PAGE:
Although knowledge of biological pathways is essential for interpreting results from computational biology studies, the growing number of pathway databases complicates efforts to efficiently perform pathway analysis due to high redundancies among pathways from different databases, and inconsistencies in how pathways are created and named. We introduce the PAthway Communities (PAC) framework, which reconciles pathways from different databases and reduces pathway redundancy by revealing informative groups with distinct biological functions. Uniquely applying the Louvain community detection algorithm to a network of 4847 pathways from KEGG, REACTOME and Gene Ontology databases, we identify 35 distinct and automatically annotated communities of pathways and show that they are consistent with expert-curated pathway categories. Further, we demonstrate that our pathway community network can be queried with new gene sets to provide biological context in terms of related pathways and communities. Our approach, combined with an interpretable web tool we provide, will help computational biologists more efficiently contextualize and interpret their biological findings.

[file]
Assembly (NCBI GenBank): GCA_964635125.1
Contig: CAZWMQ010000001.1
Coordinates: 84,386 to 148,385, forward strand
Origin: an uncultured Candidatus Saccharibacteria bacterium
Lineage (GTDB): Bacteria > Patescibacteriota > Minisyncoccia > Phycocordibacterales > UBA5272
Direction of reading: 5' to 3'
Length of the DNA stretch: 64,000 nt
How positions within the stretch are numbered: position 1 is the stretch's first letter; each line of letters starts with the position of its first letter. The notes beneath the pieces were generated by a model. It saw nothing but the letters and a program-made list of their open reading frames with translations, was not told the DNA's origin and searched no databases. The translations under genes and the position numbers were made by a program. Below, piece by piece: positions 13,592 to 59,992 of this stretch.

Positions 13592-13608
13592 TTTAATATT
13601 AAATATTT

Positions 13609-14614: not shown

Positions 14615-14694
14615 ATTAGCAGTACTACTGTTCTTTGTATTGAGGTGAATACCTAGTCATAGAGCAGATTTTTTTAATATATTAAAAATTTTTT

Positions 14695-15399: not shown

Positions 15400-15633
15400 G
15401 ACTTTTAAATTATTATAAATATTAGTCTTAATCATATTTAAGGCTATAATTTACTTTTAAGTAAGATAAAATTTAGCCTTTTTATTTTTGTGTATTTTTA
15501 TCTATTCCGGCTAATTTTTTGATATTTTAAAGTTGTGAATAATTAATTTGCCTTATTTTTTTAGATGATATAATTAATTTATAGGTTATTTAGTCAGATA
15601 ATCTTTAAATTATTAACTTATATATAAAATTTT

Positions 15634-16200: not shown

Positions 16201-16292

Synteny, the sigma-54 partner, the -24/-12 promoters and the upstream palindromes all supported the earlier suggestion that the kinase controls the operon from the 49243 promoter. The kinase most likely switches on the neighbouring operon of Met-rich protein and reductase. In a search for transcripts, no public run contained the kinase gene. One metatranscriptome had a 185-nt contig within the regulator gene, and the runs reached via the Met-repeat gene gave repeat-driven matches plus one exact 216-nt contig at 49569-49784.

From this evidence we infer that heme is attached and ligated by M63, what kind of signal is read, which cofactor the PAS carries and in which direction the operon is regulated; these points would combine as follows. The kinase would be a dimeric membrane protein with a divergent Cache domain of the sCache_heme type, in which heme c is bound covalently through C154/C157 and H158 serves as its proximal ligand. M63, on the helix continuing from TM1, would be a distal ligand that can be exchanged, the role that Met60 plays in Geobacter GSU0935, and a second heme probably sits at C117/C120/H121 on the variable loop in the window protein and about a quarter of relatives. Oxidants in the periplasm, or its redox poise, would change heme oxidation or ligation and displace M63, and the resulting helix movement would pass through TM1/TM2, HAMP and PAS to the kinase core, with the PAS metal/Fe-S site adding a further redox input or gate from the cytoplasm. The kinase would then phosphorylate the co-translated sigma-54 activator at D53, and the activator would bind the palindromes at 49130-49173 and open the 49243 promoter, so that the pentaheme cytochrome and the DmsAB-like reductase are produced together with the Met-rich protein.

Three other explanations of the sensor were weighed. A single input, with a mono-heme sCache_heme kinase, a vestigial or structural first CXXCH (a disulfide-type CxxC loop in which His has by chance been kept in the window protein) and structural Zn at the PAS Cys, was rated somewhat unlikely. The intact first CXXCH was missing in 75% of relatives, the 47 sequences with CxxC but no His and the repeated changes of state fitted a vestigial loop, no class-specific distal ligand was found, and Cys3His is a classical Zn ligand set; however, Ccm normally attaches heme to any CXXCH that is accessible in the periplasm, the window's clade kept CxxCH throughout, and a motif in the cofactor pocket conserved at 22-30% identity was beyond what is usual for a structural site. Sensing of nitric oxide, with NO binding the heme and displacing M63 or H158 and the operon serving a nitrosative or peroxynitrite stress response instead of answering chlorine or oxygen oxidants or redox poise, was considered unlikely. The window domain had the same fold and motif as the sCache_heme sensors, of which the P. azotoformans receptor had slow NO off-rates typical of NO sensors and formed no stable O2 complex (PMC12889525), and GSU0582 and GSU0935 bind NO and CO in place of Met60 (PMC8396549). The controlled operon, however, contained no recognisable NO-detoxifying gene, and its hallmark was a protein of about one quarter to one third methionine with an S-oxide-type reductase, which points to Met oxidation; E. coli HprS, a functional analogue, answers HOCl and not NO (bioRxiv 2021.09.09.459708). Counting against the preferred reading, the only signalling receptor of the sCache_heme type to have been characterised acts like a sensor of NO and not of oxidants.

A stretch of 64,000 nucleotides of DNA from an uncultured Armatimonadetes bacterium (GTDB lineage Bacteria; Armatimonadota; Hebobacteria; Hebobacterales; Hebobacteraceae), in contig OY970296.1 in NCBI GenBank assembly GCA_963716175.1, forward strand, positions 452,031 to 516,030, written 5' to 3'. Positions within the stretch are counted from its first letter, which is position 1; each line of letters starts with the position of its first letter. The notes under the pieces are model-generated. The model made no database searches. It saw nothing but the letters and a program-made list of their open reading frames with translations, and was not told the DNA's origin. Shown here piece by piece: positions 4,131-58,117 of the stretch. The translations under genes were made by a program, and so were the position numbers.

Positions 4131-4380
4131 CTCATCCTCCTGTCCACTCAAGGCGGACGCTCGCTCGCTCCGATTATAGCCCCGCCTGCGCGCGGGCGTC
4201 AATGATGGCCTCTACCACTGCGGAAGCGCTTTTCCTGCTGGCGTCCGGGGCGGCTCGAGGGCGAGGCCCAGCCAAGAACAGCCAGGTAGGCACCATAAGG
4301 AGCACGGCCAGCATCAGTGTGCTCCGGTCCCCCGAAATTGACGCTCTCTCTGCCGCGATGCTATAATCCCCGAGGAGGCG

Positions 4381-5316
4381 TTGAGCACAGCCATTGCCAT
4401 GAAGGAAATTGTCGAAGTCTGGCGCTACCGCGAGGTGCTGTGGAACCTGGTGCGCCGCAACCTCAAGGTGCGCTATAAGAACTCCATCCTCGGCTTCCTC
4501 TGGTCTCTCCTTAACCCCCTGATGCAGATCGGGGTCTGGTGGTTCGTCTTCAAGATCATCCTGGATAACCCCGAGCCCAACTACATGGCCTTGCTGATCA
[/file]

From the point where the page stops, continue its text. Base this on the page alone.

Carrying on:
A common way to integrate and analyze large amounts of biological “omic” data is through pathway reconstruction: using condition-specific omic data to create a subnetwork of a generic background network that represents some process or cellular state. A challenge in pathway reconstruction is that adjusting pathway reconstruction algorithms’ parameters produces pathways with drastically different topological properties and biological interpretations. Due to the exploratory nature of pathway reconstruction, there is no ground truth for direct evaluation, so parameter tuning methods typically used in statistics and machine learning are inapplicable. We developed the pathway parameter advising algorithm to tune pathway reconstruction algorithms to minimize biologically implausible predictions. We leverage background knowledge in pathway databases to select pathways whose high-level structure resembles that of manually curated biological pathways. At the core of this method is a graphlet decomposition metric, which measures topological similarity to curated biological pathways. In order to evaluate pathway parameter advising, we compare its performance in avoiding implausible networks and reconstructing pathways from the NetPath database with other parameter selection methods across four pathway reconstruction algorithms. We also demonstrate how pathway parameter advising can guide reconstruction of an influenza host factor network. Pathway parameter advising is method agnostic; it more »
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